Motivation

Better late than never: Begin your startup career at 40 (and above) years.

This special article is written by Mister.in’s co-founder Gaurav Gupta, who began his entrepreneurial career at the age of 40. Today Gaurav Gupta isn’t sulking about starting his entrepreneurial career so late. On the contrary, Gupta is immensely proud about following his dream at an age when most people are battling with mid-life crises.        

Mister.in is India’s first direct-to-customer men’s health and wellness brand. Last year, the startup raised INR 3.5 crore in a series B round.         

“The answer to the ultimate question of life, of universe and everything is 42” is a memorable line from Douglas Adam’s The Hitchhiker’s Guide to the Galaxy. Since this legendary book was first published in 1979, readers and tech geeks have been trying to figure out the significance of 42.

Type “what is the significance of 42” on Google, and you will get more than 236 million answers! But the first two pages of Google results shows that most of the answers are in the domain of trivia, conspiracy theories, and some bit of math. Surprisingly, no one appears to be looking at 42 (or any number above 40) using life’s lens.

Mister.in’s co-founder Gaurav Gupta

We love to look at life in terms of decades and feel a tad sad when we enter a new decade. “Oh no! I have entered my 30s”, “You have entered 40s; You are officially retro now” are some of the not-so-welcome jibes we get when we reach these age-related milestones.

In 2016, at the doorstep of entering my 40s, I plunged into the world of entrepreneurship with my bite-sized learning venture. Then in January 2019, I went back to a full-time job because my venture generated a lot of engagement but very little revenue. By Oct 2019, I was back into entrepreneurship, having co-founded misters.in

The quintessential start-up founder is in his or her 20s, freshly minted (or dropped out) from college. They have no liabilities, no family pressure, probably no loans…free bird as they say. High on life and energy, they have nothing much to lose, except a few years in the corporate world, and probably a decent bank balance.

However, at 40+, there’s a career to worry about, there’s an angst-ridden teenage kid, parents who are leaning on you more and more, and a few EMIs. You need to be out of your mind to leave your job and invest yourself in a start-up, right? And twice over? Absolutely crazy!

But here I am, 40+ age, and a co-founder at Misters.in, a male health and wellness company, or as we describe ourselves on our Linkedin page, we are a men’s confidence company. In fact, all three founders at misters.in are in their 40s.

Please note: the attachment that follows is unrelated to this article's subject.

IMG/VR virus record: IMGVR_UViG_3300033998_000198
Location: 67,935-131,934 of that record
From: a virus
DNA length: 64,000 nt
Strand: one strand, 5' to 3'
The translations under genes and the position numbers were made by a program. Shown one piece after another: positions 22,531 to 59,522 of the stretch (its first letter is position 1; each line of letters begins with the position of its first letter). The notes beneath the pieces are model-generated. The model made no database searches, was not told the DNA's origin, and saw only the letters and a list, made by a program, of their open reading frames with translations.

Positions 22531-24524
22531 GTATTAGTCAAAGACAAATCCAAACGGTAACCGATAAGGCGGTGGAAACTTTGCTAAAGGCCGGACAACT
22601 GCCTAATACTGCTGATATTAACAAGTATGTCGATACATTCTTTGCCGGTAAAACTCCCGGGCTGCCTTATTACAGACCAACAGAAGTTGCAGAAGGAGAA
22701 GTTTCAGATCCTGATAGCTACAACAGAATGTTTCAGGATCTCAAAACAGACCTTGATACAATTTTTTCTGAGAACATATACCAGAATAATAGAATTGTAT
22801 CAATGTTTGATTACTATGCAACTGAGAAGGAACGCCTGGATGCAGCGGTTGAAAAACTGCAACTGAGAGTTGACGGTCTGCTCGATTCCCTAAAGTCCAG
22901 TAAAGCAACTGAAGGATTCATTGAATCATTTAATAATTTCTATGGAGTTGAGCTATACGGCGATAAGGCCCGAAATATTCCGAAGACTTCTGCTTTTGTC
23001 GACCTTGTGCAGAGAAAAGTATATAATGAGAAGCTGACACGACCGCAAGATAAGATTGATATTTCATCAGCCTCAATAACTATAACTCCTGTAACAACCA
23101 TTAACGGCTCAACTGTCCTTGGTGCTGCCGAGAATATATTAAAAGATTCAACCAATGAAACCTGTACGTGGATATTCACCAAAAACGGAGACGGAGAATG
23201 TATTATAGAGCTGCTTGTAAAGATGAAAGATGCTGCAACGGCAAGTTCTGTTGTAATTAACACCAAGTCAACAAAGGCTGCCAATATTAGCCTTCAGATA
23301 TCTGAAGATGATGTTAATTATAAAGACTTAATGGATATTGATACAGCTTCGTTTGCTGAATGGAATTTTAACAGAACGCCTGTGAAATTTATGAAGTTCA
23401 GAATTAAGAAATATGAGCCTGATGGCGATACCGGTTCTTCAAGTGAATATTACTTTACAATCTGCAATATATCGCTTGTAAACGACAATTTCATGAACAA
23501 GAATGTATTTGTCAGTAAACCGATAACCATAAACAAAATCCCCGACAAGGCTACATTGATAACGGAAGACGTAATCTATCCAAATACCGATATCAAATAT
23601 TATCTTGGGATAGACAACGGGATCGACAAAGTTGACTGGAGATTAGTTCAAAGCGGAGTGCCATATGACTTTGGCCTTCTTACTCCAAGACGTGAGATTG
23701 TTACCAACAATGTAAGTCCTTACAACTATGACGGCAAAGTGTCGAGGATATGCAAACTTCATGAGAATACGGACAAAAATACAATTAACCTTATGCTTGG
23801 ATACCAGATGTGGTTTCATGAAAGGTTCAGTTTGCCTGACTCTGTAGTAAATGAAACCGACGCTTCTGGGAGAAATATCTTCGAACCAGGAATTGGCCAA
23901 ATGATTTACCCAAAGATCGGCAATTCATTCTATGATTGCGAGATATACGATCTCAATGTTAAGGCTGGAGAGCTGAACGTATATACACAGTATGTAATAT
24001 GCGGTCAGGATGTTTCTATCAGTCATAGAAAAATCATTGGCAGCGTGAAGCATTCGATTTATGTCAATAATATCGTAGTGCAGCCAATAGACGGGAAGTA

So are we different in that we have embraced entrepreneurship in our 40s? Does it make sense to begin your entrepreneurship in your 40s? In research quoted in the Harvard Business Review, the conclusion was that the average age of a successful startup founder is 45. The researchers cite in the HBR write-up that their detailed analysis of US-based companies shows that when you look at more successful firms, the average founder age goes up, not down. 30% of the total startups included in this research had founders in the age band of 40-49. More importantly, more than 30% of the cohort of top 1% fastest growing startups were founded by entrepreneurs in the age band of 40-49.

Does this mean that plunging into entrepreneurship has higher chances of success if the founder(s) are 40+ in age? Why might this be?

The HBR article mentions that work experience plays a critical role in the success of firms or start-ups with middle-aged founders. What is “work experience”? This is not the oft-quoted “more than 15 years of demonstrable experience in so and so” in resumes. In fact, the number of years is the wrong filter to define work experience. Instead, work experience is about acquiring life-skills and execution ability. Life skills like networking, working in teams, and managing expectations are skills that are acquired with “work experience”, and not via lectures in classrooms. The other factor that favours advancing age founders is execution ability- the raw and dreary ability to convert ideas into action…project by project, day after day.

The same research paper quoted in HBR goes on to conclude that skills critical for being successful in entrepreneurship are accumulative. The ability to manage human capital, emotions, networking to build financial capital are honed because you have spent years acquiring these skills at work.

The good news, then, is that 40 is probably the best age to plunge into entrepreneurship. Your chances of success are far higher. But wait, was Bill Gates 40 when he started Microsoft? Was Steve Jobs 40 when he kickstarted Apple? Surely not. But what is often overlooked is that both Bill Gates and Steve Jobs reached the pinnacle of their success in their late 30s onwards. The iPhone was launched when Jobs was 52.

So it will not be wrong to say that in entrepreneurship, you are better placed to succeed when you begin in your 40s.

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